Faculty and staff working remotely are not included in the testing program.

A primary component of the Carolina Together Testing Program is HallPass, a mobile-friendly, web-based application campus members need to use to make testing appointments and receive notifications about when their test results are ready to view as well as when it's time for their next test.

Steven King, chief innovation officer at UNC Reese Innovation Lab, said he and his team developed HallPass in 82 days starting in October, with it being designed fully by UNC students. King said HallPass was intentionally not made a downloadable mobile app so users are in control of all their data. HallPass follows all HIPAA and FERPA data protocols, King said.

King said the goal of HallPass is to help campus members know when they need to be tested and help them get tested as easily as possible.

"You need to do certain things to be compliant and be a good community member and this is kind of your hall pass to do that," King said.

The University has worked to make the testing process as fast and efficient as possible, Barzin said. He said the goal is to get individuals in and out of the testing centers in less than five minutes.

HallPass is intended to facilitate compliance in UNC's mandatory testing program. Maroney said in an email that failing to comply with the ongoing asymptomatic testing is a violation of the COVID-19 Community Standards that returning students were required to acknowledge as part of their enrollment.

HallPass will send notifications to alert students if they miss a testing window. Maroney said if a student fails to submit a test after an initial set of reminders, the non-compliance will be referred to the Office of Student Conduct for further action under the Community Standards.

HallPass provides a streamlined interface for use at the testing locations. To use HallPass, campus members should:

  1. Login to hallpass.unc.edu and authenticate with their ONYEN.
  2. Confirm vital information including their phone number and address.
  3. Check when they are due to get a test.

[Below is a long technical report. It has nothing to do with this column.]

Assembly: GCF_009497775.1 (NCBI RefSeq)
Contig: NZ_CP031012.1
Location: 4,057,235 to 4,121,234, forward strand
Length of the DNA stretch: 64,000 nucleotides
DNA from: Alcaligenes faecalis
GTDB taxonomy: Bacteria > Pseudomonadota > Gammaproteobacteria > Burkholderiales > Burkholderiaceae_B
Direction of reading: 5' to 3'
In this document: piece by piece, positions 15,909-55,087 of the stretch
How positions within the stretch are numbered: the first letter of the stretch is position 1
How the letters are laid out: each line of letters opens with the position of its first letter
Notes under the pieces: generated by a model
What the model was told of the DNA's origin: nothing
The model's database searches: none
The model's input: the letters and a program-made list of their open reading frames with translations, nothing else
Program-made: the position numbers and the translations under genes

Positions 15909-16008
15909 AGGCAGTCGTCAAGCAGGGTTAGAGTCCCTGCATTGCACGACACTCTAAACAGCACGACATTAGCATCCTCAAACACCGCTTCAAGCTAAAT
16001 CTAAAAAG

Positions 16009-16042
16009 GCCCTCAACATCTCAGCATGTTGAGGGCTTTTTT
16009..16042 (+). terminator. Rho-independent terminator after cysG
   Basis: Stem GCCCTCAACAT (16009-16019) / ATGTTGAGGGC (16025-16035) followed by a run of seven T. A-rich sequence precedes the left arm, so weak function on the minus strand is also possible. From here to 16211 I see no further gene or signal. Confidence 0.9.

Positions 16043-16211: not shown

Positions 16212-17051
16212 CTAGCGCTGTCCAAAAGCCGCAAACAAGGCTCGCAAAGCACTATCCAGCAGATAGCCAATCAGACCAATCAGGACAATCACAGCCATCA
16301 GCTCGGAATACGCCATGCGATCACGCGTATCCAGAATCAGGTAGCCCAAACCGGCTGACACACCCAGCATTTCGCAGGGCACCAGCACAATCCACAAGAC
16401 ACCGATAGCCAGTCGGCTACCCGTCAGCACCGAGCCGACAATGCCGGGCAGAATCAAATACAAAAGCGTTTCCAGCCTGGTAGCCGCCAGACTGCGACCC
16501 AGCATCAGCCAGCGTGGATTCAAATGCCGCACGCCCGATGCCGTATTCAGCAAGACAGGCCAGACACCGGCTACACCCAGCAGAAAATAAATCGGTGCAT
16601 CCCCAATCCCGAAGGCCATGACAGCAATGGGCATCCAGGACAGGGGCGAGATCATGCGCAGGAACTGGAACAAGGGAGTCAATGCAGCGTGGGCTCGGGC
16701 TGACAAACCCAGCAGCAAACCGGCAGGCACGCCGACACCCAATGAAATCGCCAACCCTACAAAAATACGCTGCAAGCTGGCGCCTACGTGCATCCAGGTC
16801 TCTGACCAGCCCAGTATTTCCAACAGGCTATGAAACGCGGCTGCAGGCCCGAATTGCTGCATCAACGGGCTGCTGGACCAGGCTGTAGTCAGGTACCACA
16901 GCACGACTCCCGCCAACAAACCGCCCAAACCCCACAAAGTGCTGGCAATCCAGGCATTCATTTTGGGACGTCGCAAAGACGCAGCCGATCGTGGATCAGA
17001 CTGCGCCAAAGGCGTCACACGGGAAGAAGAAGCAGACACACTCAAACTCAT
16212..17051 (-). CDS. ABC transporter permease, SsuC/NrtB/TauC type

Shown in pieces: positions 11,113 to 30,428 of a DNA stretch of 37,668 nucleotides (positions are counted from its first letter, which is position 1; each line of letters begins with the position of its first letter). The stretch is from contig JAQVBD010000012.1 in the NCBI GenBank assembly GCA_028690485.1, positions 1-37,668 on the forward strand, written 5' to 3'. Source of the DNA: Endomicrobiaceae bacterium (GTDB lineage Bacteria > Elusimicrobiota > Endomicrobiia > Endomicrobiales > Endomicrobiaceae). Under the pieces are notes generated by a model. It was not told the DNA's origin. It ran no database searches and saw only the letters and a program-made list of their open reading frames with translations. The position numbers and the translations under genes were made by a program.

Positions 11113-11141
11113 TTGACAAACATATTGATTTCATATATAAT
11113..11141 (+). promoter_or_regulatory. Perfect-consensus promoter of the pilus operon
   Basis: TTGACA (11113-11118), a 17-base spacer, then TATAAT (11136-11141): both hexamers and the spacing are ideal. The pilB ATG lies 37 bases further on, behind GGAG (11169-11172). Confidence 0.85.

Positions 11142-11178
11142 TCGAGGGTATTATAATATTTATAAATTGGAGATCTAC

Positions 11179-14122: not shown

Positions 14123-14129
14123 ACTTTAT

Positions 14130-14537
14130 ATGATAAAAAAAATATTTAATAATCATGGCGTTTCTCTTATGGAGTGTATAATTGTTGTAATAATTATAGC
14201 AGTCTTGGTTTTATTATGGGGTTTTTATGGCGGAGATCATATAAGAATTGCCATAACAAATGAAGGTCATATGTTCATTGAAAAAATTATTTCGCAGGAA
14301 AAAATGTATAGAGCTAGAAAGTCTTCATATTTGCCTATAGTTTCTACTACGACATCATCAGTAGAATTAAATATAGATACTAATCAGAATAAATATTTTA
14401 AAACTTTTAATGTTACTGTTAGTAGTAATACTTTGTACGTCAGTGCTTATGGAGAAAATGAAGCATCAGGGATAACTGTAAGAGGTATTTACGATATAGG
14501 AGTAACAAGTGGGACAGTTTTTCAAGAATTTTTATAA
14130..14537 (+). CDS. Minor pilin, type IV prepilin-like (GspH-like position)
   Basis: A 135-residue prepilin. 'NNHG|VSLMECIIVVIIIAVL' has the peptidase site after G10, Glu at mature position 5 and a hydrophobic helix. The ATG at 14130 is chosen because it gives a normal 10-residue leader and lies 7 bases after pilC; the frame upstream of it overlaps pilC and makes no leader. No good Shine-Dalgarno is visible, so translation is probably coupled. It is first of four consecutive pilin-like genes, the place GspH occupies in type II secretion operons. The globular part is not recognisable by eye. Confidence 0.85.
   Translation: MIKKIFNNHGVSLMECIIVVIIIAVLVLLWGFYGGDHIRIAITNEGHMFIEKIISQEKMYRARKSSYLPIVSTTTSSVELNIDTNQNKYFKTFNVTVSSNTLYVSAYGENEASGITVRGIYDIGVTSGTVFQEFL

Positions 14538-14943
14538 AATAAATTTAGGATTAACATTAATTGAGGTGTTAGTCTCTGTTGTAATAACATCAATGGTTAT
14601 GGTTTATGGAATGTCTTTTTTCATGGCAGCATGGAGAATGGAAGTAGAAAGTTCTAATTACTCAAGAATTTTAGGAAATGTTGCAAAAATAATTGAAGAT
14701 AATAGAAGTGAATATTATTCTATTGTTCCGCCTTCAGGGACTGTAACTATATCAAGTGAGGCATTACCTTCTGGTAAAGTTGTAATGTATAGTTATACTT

4. Find a location and reserve a time for testing. Reservations are available for one-hour windows, allowing arrival at any time during the window.
  5. Use HallPass to scan the barcode of the test kit once at the testing site.
  6. Login to view test results once HallPass sends a text message saying results are available.
    1. If one tests positive, the necessary information is shared with Campus Health.
  7. Login to HallPass at any time to see when another test is needed and to reserve a new appointment at a testing location. HallPass will send a text reminder when you're within 24 hours of needing a test.
While campus members can get tested as a walk-in, the University said it highly encourages everyone to make a reservation using HallPass to ensure your testing experience moves as quickly as possible. There will be two lines at each testing site — one for reservations only and one for walk-ins — and priority will be given to individuals with reservations.

Maroney said the Carolina Together Testing Program is one of the best ways the University can fight the spread of the virus as it allows cases to be identified quicker, limiting community spread.

Asymptomatic evaluation testing led the cluster at Carmichael Residence Hall announced Wednesday to be identified quicker than it would have been for a student to develop symptoms and get tested, Maroney said. She said this example demonstrates why it's critical for students to participate in the Carolina Together Testing Program as it allows the University to act quickly by moving students with positive results into isolation and identifying close contacts for quarantine.

Barzin said the University expects there to be COVID-19 cases, but the goal of the regular asymptomatic testing program is to decrease the total number of cases at UNC, limit the spread of the virus on campus and the surrounding towns and to complete a full semester on campus.

"We really thought about how can we do something that's effective, safe and makes people feel comfortable," Barzin said.

Repeated or continued non-compliance with the testing program may result in administrative and/or disciplinary action such as removal from campus housing, restricted on campus access and disenrollment from the University.